|1. QFS site
2. GitHub QFS
|Ceph is a free software storage platform designed to present object, block, and file storage from a single distributed computer cluster. Ceph’s main goals are to be completely distributed without a single point of failure, scalable to the exabyte level, and freely-available. The data is replicated, making it fault tolerant.
|1. Ceph Filesystem site
2. Ceph and Hadoop
|XtreemFS is a general purpose storage system and covers most storage needs in a single deployment. It is open-source, requires no special hardware or kernel modules, and can be mounted on Linux, Windows and OS X. XtreemFS runs distributed and offers resilience through replication. XtreemFS Volumes can be accessed through a FUSE component,that offers normal file interaction with POSIX like semantics. Furthermore an implementation of Hadoops FileSystem interface is included which makes XtreemFS available for use with Hadoop, Flink and Spark out of the box. XtreemFS is licensed under the New BSD license. The XtreemFS project is developed by Zuse Institute Berlin. The development of the project is funded by the European Commission since 2006 under Grant Agreements No. FP6-033576, FP7-ICT-257438, and FP7-318521, as well as the German projects MoSGrid, “First We Take Berlin”, FFMK, GeoMultiSens, and BBDC.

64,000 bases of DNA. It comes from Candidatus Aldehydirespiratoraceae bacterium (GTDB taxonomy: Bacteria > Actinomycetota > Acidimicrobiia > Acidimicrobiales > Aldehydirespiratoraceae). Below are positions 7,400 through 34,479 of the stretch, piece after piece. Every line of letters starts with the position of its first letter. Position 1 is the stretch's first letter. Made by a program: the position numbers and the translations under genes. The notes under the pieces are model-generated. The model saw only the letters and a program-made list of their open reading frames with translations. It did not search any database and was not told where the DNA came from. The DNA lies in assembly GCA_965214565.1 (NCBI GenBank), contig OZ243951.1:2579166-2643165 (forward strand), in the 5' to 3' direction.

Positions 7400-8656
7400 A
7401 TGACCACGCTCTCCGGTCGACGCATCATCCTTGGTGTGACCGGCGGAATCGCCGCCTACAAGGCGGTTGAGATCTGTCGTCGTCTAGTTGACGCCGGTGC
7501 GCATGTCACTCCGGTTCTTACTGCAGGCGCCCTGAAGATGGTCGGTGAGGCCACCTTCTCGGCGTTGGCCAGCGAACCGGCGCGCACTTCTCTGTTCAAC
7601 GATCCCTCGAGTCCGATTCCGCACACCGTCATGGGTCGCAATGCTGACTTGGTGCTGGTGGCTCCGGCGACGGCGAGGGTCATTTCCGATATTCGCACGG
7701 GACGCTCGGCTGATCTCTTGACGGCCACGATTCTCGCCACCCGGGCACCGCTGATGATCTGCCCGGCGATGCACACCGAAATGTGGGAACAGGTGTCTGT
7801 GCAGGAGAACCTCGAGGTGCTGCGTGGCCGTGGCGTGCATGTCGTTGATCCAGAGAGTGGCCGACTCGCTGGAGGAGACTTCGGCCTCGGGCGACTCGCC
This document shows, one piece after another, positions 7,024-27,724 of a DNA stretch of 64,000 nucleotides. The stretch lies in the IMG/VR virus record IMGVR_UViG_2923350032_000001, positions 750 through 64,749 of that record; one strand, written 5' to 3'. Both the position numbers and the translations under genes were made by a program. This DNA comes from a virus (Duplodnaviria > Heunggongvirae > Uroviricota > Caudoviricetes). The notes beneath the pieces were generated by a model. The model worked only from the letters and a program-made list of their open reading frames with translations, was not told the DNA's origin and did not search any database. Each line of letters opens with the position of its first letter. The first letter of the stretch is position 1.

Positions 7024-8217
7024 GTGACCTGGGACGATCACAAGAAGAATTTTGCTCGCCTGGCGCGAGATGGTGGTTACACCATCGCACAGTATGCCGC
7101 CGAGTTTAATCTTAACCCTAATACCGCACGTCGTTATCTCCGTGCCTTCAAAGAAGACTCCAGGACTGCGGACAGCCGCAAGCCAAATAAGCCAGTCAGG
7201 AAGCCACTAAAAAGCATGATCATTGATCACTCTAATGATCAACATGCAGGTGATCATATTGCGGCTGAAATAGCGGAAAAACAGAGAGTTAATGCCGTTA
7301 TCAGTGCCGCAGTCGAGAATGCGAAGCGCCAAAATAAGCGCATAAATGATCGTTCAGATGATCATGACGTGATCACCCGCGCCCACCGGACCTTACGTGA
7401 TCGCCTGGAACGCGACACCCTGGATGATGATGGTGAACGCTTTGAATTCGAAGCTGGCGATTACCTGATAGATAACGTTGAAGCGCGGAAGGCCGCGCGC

|1. XtreemFS site 2. Flink on XtreemFS . Spark XtreemFS
|JAQL is a functional, declarative programming language designed especially for working with large volumes of structured, semi-structured and unstructured data. As its name implies, a primary use of JAQL is to handle data stored as JSON documents, but JAQL can work on various types of data. For example, it can support XML, comma-separated values (CSV) data and flat files. A “SQL within JAQL” capability lets programmers work with structured SQL data while employing a JSON data model that’s less restrictive than its Structured Query Language counterparts.